On Friday, AW2 Veteran Heath Calhoun carried the U.S. flag in the opening ceremony, an incredible honor for any athlete, and especially for a Veteran who has already sacrificed so much for our country. Heath lost both legs above the knee while serving in Operation Iraqi Freedom, and he will compete in Alpine Skiing later this week.

“It’s an incredible honor to be able to carry the American flag – it’s something that I believe in,” said Heath in a video on the U.S. Paralympics Web site. “If I win a medal and they raise the American flag, I will be crying. The national anthem means a lot to me – I was injured for what that flag stands for.”

If that weren’t enough, AW2 Veteran Andy Soule made history on Saturday by winning America’s first medal of the 2010 Paralympic Games and America’s first Paralympic biathlon medal. He earned the bronze in men’s sitting 2.4km pursuit biathlon, and said it was a “dream come true.” Andy is also a double amputee who served in Operation Enduring Freedom.

Congratulations to Andy for your medal and to Heath for carrying the U.S. flag, and good luck to you both and to all the athletes as you compete throughout the rest of the week.

AW2 Veteran Andy Soule Wins First U.S. Medal in 2010 Paralympic Games

By BG Gary H. Cheek

On Saturday, I was excited to learn that AW2 Veteran Andy Soule had won the bronze medal in the men’s sitting 2.4km pursuit biathlon – America’s first medal of the 2010 Paralympic Games and America’s first ever medal in Paralympic biathlon. Andy finished 5th in the qualifying heat, but his perseverance and determination helped him pull through and win the bronze.

Andy volunteered to serve in the Army after 9/11, and he deployed to Afghanistan through Operation Enduring Freedom. He lost both his legs due to an IED [improvised explosive device] explosion. As he recovered, Andy realized the importance of staying active and quickly hit the slopes to learn how to ski.

“Sports have been absolutely fantastic for me,” said Andy in an interview immediately following the race, “for making me active and giving me something positive to do. I’m happy and this is a dream come true. For anyone facing a disability, life goes on and there’s still plenty of living to do.”

Andy’s success story is an example for all wounded warriors, not just on the slopes of Whistler Olympic Park, but throughout his recovery and transition. He decided to keep moving forward with his life, and look at him now.

Way to represent the Army, Andy! And good luck to you and your four other Veteran teammates competing this week.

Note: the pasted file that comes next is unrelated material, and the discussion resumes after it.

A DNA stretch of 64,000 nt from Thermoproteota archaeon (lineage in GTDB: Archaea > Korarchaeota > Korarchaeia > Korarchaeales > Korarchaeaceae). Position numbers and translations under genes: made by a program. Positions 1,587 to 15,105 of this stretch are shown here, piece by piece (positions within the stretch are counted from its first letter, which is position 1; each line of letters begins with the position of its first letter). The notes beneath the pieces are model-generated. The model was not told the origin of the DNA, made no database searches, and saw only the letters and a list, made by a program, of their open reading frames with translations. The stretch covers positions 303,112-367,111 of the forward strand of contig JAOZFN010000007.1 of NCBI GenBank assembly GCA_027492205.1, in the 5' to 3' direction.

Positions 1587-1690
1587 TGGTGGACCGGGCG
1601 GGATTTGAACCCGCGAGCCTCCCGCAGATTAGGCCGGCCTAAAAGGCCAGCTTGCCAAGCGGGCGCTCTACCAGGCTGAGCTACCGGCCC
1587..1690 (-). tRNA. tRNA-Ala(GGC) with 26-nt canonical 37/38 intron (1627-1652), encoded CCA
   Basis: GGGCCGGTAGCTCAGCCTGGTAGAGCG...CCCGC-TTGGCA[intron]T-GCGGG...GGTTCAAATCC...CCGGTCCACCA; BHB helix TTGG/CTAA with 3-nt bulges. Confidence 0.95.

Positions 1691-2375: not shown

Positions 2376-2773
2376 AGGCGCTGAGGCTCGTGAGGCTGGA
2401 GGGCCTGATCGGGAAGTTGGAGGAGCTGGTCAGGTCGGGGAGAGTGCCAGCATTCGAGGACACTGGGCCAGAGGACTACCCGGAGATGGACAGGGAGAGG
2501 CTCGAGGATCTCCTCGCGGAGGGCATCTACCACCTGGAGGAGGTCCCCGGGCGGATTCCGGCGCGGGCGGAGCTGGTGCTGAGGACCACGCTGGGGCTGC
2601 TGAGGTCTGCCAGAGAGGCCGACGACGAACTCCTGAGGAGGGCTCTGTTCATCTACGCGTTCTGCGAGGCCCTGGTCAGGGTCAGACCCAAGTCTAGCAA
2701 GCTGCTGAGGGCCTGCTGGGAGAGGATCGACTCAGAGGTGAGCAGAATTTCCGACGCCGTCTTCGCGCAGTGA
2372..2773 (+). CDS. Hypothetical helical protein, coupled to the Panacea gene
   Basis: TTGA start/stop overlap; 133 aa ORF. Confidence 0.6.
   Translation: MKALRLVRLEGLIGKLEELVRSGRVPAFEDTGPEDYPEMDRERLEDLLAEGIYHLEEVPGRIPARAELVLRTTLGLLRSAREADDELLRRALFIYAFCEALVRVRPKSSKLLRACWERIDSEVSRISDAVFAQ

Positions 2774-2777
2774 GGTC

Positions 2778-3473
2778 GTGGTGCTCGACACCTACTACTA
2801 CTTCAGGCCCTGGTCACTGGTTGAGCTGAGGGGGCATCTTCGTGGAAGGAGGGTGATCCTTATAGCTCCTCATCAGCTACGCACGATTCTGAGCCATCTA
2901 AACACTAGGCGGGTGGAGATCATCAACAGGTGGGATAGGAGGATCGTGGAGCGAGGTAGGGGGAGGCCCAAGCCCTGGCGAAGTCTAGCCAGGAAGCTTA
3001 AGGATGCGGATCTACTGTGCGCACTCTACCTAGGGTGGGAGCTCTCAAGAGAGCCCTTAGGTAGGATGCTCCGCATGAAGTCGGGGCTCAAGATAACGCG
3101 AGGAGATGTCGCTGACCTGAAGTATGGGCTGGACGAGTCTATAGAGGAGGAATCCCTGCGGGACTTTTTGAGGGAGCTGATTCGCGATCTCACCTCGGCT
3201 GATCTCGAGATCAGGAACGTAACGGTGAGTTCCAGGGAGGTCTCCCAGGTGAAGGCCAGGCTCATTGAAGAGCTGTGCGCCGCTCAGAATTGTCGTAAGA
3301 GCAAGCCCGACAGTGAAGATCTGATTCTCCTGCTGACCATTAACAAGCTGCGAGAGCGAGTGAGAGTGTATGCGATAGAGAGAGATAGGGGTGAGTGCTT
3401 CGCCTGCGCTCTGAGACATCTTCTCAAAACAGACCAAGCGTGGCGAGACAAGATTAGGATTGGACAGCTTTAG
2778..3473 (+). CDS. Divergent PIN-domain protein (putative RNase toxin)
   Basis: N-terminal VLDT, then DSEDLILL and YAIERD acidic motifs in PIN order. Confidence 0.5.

Wounded Warrior Bears U.S. Flag at Paralympics

By BG Gary Cheek, WTC Commander

AW2 Veteran Heath Calhoun is a double amputee Alpine skier in the 2010 Paralympic Games.

AW2 Veteran Heath Calhoun is a double amputee Alpine skier in the 2010 Paralympic Games.

I’ll be watching the upcoming 2010 Paralympic Winter Games in the days ahead with a great sense of pride as three wounded Soldiers represent the United States in Vancouver. 

As with all Olympic Games, it’s a great honor to bear the flag during the Opening Ceremony.  And this year, teammates selected AW2 Veteran Heath Calhoun, a double amputee Alpine skier, for that honor.  In his paralympic video, Heath stated, “I was injured for what that flag stands for.” 

Service to country runs deep in the Calhoun family. His father served in Vietnam, his grandfather in World War II and Heath as a squad leader in the 101st Airborn Division in Iraq, where an RPG struck his vehicle resulting in the amputation of both legs.

As with most wounded Soldiers, it was important for Heath to remain active post injury so he took up skiing explaining, “It gave me my legs back… when I ski, I rely solely on my own ability.”

I’m sure the U.S. Team will benefit from the dedication, training and strength of all five Veterans:

  • Heath Calhoun (Grundy, Va.), alpine skiing – a double above the knee amputee, retired U.S. Army (Iraq War Veteran) 
  • Chris Devlin-Young (Campton, N.H.), alpine skiing – retired U.S. Coast Guard 
  • Sean Halsted (Spokane, Wash.), cross country skiing – retired U.S. Air Force 
  • Patrick McDonald (Orangevale, Calif.), wheelchair curling – retired U.S. Army 
  • Andy Soule (Pearland, Texas), cross country skiing & biathlon – a double leg amputee, retired U.S. Army (Veteran of Operation Enduring Freedom)

I encourage everyone to throw their support behind these Olympic Athletes – and watch true warriors in action.

Athletic Inspiration – AW2 Veterans in Paralympics

By Emily Oehler, WTC Stratcom

Although I don’t typically watch a lot of sports, I always follow the Olympics. As a non-athlete (see my blog on running the Army 10 Miler), watching athletes of this caliber in action is amazing, unbelievable and beautiful. During the Winter Games, I was captivated by the women’s downhill skiing and men’s snowboarding.

Watching these athletes, hearing their stories and being a part of their triumphs awoke my lazy inner-athlete. Yes, after a four-month hiatus, it was time start running again. I got new shoes (hey, even the Olympians have great uniforms!) and hit the pavement.

To keep up my momentum, I will look to new Olympic athletes for inspiration — those at the 2010 Paralympic Winter Games in Vancouver, B.C., March 12-21, 2010. The U.S. Team, made up of athletes from 20 U.S. states, will compete in five sports (alpine skiing, biathlon, cross country skiing, sled hockey and wheelchair curling). A projected 600 elite athletes with a physical disability from more than 40 countries are expected to compete at the Games.

Among the 50 athletes, five are U.S. military veterans:

  • Heath Calhoun (Grundy, Va.), alpine skiing – a double above the knee amputee, AW2 Veteran (Iraq War Veteran)
  • Chris Devlin-Young (Campton, N.H.), alpine skiing – retired U.S. Coast Guard
  • Sean Halsted (Spokane, Wash.), cross country skiing – retired U.S. Air Force
  • Patrick McDonald (Orangevale, Calif.), wheelchair curling – retired U.S. Army
  • Andy Soule (Pearland, Texas), cross country skiing & biathlon – a double leg amputee, AW2 Veteran (Veteran of Operation Enduring Freedom)

I look forward to watching these wounded warriors in action and using their stories to keep me inspired during my daily runs. Hope you’ll cheer them on with me!